Latest Wisconsin Insect: Brown Marmorated Stink Bug
The hits just keep coming, in the form of more unwelcomed six-legged visitors whose real home is across the seas.
A mass of annoying insects has washed over our McHenry County neighborhood Pewaukee and Wisconsin in the past 2 decades: the Japanese beetle and gypsy moth to name a few. All are native to foreign countries. All have caused environmental and economic mayhem in the U.S., where no natural predators exist to control them.
The latest invader winging its way here will literally make a stink.
The brown marmorated stink bug is ¾-inch long, with a wide back side that tapers to a point, and a rectangular head with long antennae. Native to China and east Asia, the insect has been journeying west since being first discovered in Pennsylvania in 2001.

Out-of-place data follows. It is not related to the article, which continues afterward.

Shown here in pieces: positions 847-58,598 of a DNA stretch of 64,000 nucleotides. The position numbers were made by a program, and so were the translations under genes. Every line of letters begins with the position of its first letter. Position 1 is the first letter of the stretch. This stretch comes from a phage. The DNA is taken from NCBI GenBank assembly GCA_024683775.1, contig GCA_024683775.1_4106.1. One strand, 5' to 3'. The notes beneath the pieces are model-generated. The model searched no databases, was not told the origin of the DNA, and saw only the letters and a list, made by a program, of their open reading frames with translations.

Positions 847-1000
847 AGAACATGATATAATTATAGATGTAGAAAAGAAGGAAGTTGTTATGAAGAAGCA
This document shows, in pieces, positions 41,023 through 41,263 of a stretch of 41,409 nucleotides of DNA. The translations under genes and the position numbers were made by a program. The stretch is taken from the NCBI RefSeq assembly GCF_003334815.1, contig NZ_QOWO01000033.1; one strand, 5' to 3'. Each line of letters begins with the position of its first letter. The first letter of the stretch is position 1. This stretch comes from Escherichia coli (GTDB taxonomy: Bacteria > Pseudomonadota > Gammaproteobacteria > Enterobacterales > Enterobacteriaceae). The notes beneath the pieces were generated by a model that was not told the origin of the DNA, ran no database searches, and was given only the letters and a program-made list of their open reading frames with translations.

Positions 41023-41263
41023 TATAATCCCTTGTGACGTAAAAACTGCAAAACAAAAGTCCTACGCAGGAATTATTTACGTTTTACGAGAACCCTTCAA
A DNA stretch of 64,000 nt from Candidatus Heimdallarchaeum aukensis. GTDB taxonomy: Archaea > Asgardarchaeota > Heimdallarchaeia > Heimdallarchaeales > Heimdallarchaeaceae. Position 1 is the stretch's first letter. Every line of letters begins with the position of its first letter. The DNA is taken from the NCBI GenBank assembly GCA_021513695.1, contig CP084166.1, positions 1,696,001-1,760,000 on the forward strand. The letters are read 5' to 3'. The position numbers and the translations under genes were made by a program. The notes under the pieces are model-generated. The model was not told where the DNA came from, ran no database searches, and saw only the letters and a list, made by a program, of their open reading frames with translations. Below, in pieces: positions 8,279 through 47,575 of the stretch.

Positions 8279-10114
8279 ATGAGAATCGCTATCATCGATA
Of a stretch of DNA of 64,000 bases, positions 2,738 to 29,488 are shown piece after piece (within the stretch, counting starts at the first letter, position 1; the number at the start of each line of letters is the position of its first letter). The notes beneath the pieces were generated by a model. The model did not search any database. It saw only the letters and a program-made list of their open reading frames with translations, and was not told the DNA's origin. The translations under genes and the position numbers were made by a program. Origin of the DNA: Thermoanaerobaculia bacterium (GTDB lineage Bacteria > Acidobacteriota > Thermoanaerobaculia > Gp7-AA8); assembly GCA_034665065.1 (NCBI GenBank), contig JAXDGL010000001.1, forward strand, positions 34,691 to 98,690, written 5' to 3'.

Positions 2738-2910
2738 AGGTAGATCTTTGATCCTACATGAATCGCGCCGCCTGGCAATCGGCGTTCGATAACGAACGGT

Its name is well-deserved. When smushed or stepped on, the brown marmorated stink bug emits a strong, creature you'd invite into your McHenry County home, right?
Fortunately, the brown marmorated insect hasn't arrived in great numbers in McHenry County or Wisconsin. Stink bug control isn't much of an issue yet. Yet it's only a matter of time.
Farmers hate them for more than their odor. The stink bug feast on tree fruits, vegetables, sweet corn and soybeans. Mid-Atlantic apple growers sustained an estimated $37 million in crop losses in 2010 to marmorated stink bugs.
The Asian invasive has a relative that is native to the United States. The brown stink bug looks a lot like the brown marmorated version, except the colors of their undersides are different. We somehow doubt you'll get that far identifying them, though.
Brown marmorated stink bugs like to winter inside McHenry County your house. If you smush one, you'll figure it out quickly. The nose knows. If you see more in your McHenry County home or yard, don't step on them – contact The Mosquito Guy to address their presence in a safe, non-smelly fashion. Unlike these bugs, we'll never stink up your joint.